A child and many toys behind the title: 3 Cleanup Strategies

 

Do you have young children? Have you ever struggled to get them to help clean up? If so, you are certainly not alone. First off, children must learn the skill of cleaning up as most of us are not born with it. Secondly, it can be challenging to motivate a child to clean up, especially when they want to keep playing.

To help you out, I’ve collected three cleanup strategies for toddlers and preschoolers as well as a handy list of tips.

3 Cleanup Strategies

  1. Sing a Cleanup Song

  • Using a cleanup song can be a great strategy for helping young children know it is time to switch gears from playing to cleaning up. There are many different cleanup songs you can find online. Feel free to spend some time searching for one you like.
  • Here is a classic cleanup song you may already be familiar with. As far as I can tell, this song originally came from the Barney TV show. The words are simple and you can sing it as many times as needed.
    • Clean up, clean up, everybody everywhere,
    • Clean up, clean up, everybody do your share.

  2. “Who Can Clean Up the Fastest?” Game

  • Some children are competitive. This can be used to your advantage. Try making cleanup time a competition. The competition could be:
    • Between two children: “Sam, you clean this side of the room, and, Jane, you clean that side and let’s see who can get their side cleaned up first.”
    • Between a child and yourself: “Let’s see if you can clean up the cars before I finish cleaning up the paints.”
    • Between a child and a timer: “I’m going to start the five minute timer. See if you can clean up this whole room before it goes off.”
    • Between the child and themselves (for older children): “Last time you cleaned up all the blocks in 1.45 minutes. Let’s see if you can do it faster this time.”
  • Here is a visual five minute clean up timer you could try using:

  3. Find and Clean Game – I Spy

  • Here’s another cleanup game you could try. This game may be especially effective for those last few toys that still have not been picked up.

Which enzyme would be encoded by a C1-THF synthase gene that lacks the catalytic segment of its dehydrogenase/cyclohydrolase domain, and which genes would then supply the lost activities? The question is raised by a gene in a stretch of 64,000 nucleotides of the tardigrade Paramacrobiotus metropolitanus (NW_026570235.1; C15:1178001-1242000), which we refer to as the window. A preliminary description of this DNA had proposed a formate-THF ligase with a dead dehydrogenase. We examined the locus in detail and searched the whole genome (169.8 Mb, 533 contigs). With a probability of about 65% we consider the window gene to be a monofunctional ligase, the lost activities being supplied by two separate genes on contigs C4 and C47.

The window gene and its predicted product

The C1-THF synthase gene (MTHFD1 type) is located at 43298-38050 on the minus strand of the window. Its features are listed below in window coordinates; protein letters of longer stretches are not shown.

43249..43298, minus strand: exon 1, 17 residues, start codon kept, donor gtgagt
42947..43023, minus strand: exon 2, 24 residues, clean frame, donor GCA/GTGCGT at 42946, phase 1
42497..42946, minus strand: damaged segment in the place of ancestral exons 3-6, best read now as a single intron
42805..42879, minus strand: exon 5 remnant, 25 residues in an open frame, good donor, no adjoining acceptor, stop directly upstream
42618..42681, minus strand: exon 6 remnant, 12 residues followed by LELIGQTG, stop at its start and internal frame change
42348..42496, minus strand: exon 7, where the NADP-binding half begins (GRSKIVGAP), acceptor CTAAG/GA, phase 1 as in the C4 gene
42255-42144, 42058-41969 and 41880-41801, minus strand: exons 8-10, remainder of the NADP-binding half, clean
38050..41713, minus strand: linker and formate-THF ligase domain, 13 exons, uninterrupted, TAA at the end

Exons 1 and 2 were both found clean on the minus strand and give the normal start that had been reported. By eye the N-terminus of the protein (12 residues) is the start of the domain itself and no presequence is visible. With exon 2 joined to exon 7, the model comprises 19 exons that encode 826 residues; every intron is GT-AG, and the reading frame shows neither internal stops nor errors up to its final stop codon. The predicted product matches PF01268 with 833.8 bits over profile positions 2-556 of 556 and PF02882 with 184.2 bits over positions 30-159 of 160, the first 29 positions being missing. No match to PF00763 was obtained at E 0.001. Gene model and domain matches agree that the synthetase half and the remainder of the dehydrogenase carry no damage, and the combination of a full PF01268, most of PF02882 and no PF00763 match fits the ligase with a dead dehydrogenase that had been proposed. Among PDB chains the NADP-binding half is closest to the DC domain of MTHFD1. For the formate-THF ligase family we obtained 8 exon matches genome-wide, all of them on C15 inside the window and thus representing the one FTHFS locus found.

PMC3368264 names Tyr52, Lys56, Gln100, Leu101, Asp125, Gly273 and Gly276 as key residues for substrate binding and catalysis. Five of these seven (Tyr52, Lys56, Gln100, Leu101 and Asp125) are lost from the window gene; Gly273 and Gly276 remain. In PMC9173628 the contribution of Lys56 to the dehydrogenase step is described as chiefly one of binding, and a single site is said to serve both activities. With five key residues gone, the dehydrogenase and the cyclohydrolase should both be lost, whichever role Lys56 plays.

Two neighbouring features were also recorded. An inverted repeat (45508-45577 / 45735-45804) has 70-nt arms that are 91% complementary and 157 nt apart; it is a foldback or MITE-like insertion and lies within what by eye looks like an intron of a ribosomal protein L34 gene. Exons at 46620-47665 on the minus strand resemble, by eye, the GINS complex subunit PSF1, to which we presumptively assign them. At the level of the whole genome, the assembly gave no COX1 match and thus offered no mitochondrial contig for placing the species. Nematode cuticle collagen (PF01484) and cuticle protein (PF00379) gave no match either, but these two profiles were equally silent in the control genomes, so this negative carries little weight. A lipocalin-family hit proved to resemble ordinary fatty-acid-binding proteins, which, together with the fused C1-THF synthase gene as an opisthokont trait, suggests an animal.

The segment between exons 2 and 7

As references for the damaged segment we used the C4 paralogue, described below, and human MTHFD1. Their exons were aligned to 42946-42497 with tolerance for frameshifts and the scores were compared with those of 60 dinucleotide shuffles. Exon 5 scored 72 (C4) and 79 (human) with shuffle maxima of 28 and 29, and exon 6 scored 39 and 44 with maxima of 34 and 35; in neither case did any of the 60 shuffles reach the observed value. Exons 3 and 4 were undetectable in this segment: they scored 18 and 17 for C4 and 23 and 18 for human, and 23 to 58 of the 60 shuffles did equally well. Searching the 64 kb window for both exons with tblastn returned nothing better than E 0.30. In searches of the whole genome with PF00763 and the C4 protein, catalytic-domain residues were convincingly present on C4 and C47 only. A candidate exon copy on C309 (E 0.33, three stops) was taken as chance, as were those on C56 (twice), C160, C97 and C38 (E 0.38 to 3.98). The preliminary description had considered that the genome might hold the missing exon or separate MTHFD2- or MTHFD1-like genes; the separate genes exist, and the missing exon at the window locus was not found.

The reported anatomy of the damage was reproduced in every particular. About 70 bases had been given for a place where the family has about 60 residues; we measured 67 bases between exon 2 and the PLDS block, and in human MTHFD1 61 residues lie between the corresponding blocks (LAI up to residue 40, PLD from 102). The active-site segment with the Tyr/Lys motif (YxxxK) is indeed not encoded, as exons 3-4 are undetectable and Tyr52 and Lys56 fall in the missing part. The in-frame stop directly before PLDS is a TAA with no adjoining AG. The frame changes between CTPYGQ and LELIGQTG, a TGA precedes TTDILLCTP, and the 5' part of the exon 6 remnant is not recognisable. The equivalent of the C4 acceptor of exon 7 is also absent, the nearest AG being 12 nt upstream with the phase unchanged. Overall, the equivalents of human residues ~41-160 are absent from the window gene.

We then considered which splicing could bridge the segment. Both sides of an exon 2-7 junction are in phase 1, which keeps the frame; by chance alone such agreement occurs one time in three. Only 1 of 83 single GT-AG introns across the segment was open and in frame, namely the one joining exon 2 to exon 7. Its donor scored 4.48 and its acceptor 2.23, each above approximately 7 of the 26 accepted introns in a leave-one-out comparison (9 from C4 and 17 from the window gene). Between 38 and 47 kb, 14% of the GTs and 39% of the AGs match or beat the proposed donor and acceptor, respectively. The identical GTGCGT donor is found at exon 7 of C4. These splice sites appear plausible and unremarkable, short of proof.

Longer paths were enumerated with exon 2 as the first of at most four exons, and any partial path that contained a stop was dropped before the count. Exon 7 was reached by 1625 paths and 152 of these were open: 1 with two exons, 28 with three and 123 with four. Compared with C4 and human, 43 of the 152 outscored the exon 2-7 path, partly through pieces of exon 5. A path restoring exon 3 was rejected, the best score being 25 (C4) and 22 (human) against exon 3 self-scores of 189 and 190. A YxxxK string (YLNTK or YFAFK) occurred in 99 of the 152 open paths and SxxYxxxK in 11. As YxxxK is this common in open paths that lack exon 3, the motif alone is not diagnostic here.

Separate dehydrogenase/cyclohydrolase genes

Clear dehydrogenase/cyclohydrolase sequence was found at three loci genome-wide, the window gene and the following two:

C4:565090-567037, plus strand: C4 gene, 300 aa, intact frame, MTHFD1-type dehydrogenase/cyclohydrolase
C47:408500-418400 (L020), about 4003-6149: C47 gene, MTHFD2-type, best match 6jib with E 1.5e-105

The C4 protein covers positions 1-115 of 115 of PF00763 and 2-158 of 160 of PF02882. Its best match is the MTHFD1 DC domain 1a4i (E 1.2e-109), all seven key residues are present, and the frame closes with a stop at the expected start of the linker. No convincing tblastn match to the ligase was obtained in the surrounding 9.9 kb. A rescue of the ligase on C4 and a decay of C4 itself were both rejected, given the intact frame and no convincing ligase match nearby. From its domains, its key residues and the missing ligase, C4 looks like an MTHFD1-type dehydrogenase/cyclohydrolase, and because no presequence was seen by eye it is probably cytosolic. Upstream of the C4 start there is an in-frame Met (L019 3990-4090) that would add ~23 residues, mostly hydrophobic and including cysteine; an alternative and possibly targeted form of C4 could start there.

• Invite your child to join you and tell them you have a challenge for them. Be direct and specific. “Tommy, I spy a blue car that needs to go in the white bin. Can you find it?” “Mary, I spy a purple doll dress hiding under the cupboard. See if you can figure out where it belongs.”
  • Praise each child when they find the item you named and have put it in the correct place.
  • For more advanced children, consider naming multiple items. “George, I spy seven triangle blocks that need putting away. Can you find them all?”

Tips for using Cleanup Strategies

  • Follow through
    • With all the tips I am about to share, it is important that you follow through. If you don’t do what you say you will do, your child may be tricked the first time or two, but it won’t take long for them to stop taking you seriously and soon it will be nearly impossible to get them to help clean up. They will ignore what you say, since past experience tells them that you don’t mean what you say, and they’ll keep right on playing.
  • Give a warning
    • Give your child a heads up at least two minutes before it is time to clean up. You could even set a two minute timer and explain that when the timer beeps, that means it is time to clean up the toys.
  • Explain what’s next
    • One of the biggest hesitations of children, when it comes to cleanup time, is not wanting to clean up because playing with toys is fun, and they don’t know if the next thing will be fun. Therefore, explain to your child what they will be doing next. When you give the two minute warning, it is a good time to briefly mention what’s next. “Two more minutes to play and then it’s snack time.”
    • You don’t have to be super specific.
    • If the next thing is something they don’t like. Try mentioning the next two things they will be doing. “Next we will go for a diaper change, and then we can play outside.”
  • Give plenty of time
    • Young children are not very fast at cleaning up, especially when it is a new skill they are just beginning to learn. If you want your child to be involved in helping clean up, be sure to give you and your child enough time to get everything cleaned up without being frantic and rushed.
    • Afraid you will be done cleaning up too early? Find a few engaging books or learn some fun and simple preschool songs to sing with your child while you wait. Here are a few of my songs that are great for helping smooth over those waiting transition times.
  • Be specific (which areas of the room need cleaning)
    • Remember that your child is still learning how to clean up. It will take time and teaching for them to learn which things go where. Therefore, be patient. Take the time to explain how you want things put away. You may have to explain several times.
  • Lead by example
    • Young children learn best by watching your example. Do you want your child to be cleaning up? Then get down on their level and help them do the cleaning. (As an added bonus, cleanup time goes a lot faster when there is an adult helping!)

Well, there you have it. Three cleanup strategies for you and your toddlers or preschoolers. I hope these are helpful as you go about your day. Don’t forget to smile and enjoy the time you get with your youngsters. Cleaning up is more fun when you’re smiling.

Looking for more classroom management tips? Check out the following links:

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